How do we resolve the functional and instructional dilemma in teaching direction to groups of Grade R-7 learners given the directional challenge that the educator infacing the group presents the opposite to expressions / expectations/indications uttered as either Right or Left; Front or Back ; North/South/East/West
The Lord bless you
I run into this problem fairly often -- for instance when teaching slope, I want to impress upon the students that if the slope is positive, the graph gets higher as you scan from right to left. I found myself gesturing from left to right; but it was my left, so the students were seeing right-to-left motion.
Now I often write in "stage direction" into my notes -- reminders that, in theatrical terms, house left=stage right. This way I remember to reverse the directions so the students see a consistent message.
I do not encounter the same problem with direction (i.e. North, South, East, and West) as all in the room will agree.
One good way to teach direction is to label things. Label the walls and desks with north, south, east and west. You can put stickers on the students' hands or fingernails with l for left and r for right. You can also play games, like Simon Says and Mother May I? with directions.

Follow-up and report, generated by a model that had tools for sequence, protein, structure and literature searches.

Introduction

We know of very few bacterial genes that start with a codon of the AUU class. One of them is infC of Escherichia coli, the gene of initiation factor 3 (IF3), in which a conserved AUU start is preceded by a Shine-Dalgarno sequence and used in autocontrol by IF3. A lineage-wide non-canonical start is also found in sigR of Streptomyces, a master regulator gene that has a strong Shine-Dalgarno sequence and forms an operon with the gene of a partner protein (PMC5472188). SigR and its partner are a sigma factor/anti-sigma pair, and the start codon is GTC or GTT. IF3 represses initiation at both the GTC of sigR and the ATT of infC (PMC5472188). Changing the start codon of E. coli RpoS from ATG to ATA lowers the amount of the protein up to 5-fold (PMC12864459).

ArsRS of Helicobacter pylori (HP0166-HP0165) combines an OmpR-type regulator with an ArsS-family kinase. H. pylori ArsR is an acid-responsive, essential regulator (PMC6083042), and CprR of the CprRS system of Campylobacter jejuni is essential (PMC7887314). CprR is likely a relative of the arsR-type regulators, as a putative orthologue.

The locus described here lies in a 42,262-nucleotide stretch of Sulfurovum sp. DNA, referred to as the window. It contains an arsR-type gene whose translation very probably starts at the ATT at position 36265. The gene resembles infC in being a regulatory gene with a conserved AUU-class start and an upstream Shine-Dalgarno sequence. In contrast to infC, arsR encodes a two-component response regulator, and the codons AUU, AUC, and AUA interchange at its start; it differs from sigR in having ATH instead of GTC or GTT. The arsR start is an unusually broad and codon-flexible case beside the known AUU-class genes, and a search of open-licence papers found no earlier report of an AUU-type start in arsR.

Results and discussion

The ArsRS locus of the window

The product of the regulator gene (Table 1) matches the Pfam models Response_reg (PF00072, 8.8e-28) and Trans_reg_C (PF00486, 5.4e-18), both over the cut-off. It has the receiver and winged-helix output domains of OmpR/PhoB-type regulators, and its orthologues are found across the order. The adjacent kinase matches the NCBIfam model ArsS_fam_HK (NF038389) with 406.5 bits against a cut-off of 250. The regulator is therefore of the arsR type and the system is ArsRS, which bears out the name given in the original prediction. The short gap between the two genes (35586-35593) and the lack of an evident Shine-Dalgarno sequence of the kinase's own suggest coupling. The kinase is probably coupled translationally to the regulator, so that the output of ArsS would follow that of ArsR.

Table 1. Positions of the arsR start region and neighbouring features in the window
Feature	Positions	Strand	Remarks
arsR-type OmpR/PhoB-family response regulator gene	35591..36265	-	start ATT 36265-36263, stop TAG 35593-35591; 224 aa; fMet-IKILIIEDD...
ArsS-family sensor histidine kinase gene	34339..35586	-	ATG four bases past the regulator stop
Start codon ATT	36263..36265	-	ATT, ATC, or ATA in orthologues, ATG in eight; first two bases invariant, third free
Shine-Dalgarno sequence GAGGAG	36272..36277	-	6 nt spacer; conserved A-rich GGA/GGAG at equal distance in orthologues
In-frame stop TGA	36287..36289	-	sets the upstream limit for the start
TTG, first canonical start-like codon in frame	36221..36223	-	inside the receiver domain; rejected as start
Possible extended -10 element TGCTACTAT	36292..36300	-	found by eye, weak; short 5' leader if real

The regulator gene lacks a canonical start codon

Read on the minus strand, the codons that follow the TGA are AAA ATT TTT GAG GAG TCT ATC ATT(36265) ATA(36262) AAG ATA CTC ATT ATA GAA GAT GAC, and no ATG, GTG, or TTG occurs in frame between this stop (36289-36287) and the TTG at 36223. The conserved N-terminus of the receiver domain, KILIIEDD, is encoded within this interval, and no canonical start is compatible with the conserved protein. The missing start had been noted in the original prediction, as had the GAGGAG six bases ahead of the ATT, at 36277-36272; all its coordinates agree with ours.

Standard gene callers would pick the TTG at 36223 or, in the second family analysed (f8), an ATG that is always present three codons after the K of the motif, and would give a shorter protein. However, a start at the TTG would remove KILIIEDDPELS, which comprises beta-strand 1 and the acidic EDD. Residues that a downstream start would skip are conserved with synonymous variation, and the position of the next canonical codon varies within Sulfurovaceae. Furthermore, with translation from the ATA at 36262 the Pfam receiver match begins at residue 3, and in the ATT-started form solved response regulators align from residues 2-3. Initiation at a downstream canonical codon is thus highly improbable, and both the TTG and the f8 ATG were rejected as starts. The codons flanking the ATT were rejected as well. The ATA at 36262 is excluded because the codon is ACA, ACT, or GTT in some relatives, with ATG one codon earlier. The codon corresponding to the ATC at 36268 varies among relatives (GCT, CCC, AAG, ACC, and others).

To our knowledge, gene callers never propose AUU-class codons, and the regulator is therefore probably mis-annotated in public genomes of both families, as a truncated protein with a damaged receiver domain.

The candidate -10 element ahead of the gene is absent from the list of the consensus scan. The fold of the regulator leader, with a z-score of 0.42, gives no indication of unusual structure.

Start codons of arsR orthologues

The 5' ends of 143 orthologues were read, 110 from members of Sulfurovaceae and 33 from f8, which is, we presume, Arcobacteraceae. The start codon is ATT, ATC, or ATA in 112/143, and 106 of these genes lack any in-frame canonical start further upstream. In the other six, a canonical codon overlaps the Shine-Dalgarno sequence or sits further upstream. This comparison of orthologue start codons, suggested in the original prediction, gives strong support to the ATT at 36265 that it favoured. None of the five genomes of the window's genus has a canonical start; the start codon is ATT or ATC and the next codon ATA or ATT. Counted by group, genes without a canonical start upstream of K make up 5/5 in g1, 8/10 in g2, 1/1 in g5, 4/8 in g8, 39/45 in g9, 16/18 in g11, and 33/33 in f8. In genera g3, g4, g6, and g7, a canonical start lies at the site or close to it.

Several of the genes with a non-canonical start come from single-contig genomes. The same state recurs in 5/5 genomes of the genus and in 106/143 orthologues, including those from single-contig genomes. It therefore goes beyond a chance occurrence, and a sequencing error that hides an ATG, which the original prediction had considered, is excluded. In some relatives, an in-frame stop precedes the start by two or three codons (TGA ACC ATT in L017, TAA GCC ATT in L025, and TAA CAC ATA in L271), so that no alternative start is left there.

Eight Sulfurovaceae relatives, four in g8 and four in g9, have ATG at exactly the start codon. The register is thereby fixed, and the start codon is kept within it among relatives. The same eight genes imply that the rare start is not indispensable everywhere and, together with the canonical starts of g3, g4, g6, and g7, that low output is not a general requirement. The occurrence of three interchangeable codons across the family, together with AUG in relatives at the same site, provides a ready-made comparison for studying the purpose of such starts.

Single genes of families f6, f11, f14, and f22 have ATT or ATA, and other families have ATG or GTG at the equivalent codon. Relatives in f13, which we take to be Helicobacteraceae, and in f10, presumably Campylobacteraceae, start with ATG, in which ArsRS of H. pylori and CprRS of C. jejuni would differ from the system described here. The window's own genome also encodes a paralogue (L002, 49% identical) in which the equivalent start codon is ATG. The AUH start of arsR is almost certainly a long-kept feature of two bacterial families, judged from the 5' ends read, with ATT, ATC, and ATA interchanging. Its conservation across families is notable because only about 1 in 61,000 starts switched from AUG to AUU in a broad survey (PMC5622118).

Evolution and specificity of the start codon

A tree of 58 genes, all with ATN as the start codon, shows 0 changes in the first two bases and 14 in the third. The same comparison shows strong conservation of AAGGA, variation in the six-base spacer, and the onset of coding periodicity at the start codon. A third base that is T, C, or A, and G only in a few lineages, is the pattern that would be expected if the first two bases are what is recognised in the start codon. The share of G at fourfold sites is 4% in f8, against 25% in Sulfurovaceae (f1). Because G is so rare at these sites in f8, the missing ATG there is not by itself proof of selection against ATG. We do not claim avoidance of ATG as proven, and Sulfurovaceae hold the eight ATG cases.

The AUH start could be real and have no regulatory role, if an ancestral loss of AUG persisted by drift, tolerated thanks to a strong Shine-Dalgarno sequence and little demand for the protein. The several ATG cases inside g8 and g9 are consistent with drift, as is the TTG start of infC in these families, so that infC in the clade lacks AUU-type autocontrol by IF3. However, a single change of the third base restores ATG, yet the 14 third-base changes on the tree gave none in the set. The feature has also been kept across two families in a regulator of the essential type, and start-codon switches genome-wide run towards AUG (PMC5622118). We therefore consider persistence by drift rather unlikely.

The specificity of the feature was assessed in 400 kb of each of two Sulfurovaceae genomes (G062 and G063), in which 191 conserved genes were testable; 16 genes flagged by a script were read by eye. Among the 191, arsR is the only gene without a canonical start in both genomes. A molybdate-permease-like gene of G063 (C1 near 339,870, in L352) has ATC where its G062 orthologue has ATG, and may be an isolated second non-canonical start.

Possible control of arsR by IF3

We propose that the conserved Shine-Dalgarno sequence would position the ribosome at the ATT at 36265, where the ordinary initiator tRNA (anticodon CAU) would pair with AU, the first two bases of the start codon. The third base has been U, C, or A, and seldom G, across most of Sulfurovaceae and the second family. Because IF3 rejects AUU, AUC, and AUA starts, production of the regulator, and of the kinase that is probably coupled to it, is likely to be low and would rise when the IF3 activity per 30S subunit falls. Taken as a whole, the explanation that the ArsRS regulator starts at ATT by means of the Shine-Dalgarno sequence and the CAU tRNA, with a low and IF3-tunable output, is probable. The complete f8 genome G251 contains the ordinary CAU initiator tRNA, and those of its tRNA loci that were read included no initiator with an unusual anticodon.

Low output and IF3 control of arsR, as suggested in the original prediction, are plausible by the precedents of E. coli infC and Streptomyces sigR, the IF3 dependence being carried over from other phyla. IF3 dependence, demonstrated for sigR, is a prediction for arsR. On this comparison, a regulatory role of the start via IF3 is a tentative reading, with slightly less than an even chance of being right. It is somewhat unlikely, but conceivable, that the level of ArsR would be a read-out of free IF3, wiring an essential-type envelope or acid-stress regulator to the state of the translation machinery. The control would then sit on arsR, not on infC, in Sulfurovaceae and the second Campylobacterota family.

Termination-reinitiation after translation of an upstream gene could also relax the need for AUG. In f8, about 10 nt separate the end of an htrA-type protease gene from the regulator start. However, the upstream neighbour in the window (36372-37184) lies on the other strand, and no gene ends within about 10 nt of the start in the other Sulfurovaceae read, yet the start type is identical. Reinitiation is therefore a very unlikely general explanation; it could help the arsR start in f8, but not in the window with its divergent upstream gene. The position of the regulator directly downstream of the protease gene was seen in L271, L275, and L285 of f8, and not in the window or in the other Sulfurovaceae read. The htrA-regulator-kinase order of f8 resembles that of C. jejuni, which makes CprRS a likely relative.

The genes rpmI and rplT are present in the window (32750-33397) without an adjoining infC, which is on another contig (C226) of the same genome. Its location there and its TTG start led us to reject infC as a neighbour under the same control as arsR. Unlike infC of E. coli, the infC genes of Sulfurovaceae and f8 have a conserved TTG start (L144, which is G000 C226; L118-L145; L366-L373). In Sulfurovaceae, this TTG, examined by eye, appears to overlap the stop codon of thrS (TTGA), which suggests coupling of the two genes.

Good day litteacher8 Of course I agree that the methods of instruction you advise are perfect:graphic, tactile, visual, audio,conceptual,actual. Associated tools common to the environment are useful especially if detectable advancement of these exist to the awareness of the learners. An additional process of inclusive discussions of such advancements with other related objects and aspects are mechanisms that would ensure adequate and prompt insight, setting to memory and enduring learning. I have to acknowledge though that irrespective of these advanced forms of instruction learners continue to be confused about directions because the position of the instructors are opposite except when instruction happens to one learner at a computer or electronic tool.
The Lord bless you